I first came to UI in 2016. I was here for a semester and doing well academically but I was struggling with anxiety. After talking with my parents, it was decided I would go live with them in Mexico. It was a decision I wasn’t all too excited about, but I came to be grateful for the opportunities it gave me. I found myself in my mom’s home state of Guanajuato and I had no idea what I was supposed to be doing. I was taking Spanish classes (a story that deserves its own post) and exploring the state’s beautiful capital city. But I wasn’t feeling all that productive. I wanted to do something meaningful so that I wouldn’t feel bad for leaving university. I was prideful and the cure for pride is humility.
That is when I found out about the Convento del Buen Pastor (Convent of the Good Shepherd), and I immediately knew I wanted to volunteer my time with them. Though their website hadn’t been updated since 2011, others confirmed that it was still open, and I was able to talk with the social worker on the phone. Buen Pastor is a church-run and state-sponsored foster home for girls and a women’s shelter that supports those in and outside of the state. The website describes their mission: Continue reading “Las Niñas del Buen Pastor (The Girls of Buen Pastor)”→
Hi! I’m Vicky, an aspiring journalist and student here at UI. Ever since I was a young teen, I’ve felt a special calling to help women and children. One of the biggest vices in society today is the devaluation of women and the gifts they uniquely bring to the world. With these gifts come unique struggles, especially regarding women’s health and pregnancy. I believe it is helpful to have a community of women helping women. By listening to all women’s voices, the values that come from our different cultures, the common goals we share, and even the differences we have, we are able to support and build each other up. This is why I decided to write for the Women’s Center, not only to share my opinion, but to share the voices of all women at UI.
Here’s a bit of my personal history and like all Latinos, it starts with family. My parents were both immigrants to this country. My mom came to L.A. from Mexico when she was two. My dad arrived in New York City from the Dominican Republic at the age of fourteen. They both joined the Navy, were stationed in Virginia, met at a salsa club, and had my brother and I. They are some of the strongest people I know, especially my mom. They fought to make their dreams a reality and in turn helped build a future for their children. They are my everything and they continue to teach me how to love with truth and compassion.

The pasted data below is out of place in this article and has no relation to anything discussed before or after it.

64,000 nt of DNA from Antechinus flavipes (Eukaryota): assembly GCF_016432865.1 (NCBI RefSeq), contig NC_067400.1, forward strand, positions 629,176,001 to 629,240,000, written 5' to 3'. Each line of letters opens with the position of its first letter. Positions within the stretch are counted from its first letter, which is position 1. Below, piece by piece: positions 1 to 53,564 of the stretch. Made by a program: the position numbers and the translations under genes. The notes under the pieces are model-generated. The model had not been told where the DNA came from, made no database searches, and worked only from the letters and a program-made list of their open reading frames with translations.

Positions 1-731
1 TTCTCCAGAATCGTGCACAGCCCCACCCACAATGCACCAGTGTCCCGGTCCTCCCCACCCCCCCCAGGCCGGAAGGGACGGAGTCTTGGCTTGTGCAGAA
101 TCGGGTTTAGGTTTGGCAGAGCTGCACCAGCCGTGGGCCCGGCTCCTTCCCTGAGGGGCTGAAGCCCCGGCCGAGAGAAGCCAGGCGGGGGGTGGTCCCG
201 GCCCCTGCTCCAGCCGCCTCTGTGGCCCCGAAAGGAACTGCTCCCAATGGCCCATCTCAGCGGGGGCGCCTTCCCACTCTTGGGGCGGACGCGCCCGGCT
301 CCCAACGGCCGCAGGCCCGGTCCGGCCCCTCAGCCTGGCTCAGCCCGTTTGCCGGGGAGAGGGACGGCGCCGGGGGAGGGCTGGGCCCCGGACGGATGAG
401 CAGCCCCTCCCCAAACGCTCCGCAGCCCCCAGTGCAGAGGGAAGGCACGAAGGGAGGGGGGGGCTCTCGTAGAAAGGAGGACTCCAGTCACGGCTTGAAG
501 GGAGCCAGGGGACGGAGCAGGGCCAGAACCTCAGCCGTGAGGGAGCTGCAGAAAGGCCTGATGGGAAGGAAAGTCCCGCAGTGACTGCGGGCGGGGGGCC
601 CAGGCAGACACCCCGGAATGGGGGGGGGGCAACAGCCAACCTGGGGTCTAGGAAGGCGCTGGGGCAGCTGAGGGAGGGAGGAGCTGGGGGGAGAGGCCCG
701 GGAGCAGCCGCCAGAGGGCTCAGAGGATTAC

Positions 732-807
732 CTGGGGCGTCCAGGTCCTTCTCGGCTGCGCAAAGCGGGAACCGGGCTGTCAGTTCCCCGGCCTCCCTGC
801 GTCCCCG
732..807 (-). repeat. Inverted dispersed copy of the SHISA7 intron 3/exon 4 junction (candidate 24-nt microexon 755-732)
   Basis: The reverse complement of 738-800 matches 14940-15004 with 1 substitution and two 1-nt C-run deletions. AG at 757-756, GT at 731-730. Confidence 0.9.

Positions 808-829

Being a Navy brat, I was given the opportunity to travel across the country and abroad. My favorite childhood moments are from when I lived in Japan–walking through the city, visiting temples, and meeting people from everywhere! I’m most happy when I am travelling and learning new cultures and I could not imagine living in one place for more than five years. Even though it’s sad leaving a place where I’ve spent time with a great community, I have been able to meet so many people from all walks of life.
Yes and no. I mean my parents are Mexican, yes. But I have never been to Mexico.
So, yes, I am from Mexican descent. I speak the language and love my culture, the music (I jam to it every time), and oh gosh! our food is the best. The tacos, enchiladas, tamales, and mmmm posole. So good. However, I am also American. I was born in the United States. I have lived here my whole life. I grew up in a small town in Southern Idaho–Homedale. Out in the country, I was surrounded by endless fields of corn and many farm animals. Horses were in the backyard.
I also love hamburgers and pizza and enjoy watching American football. Don’t get me wrong, I love both cultures very much, because they are a part of who I am. My Identity. However, it is not easy in the United States. Somehow, I always find myself explaining to people why I am just as American as they are. And, just as Mexican. There is a scene in the movie Selena that explains just what I am saying. Here is the link to that scene. Continue reading “Being Mexican-American”→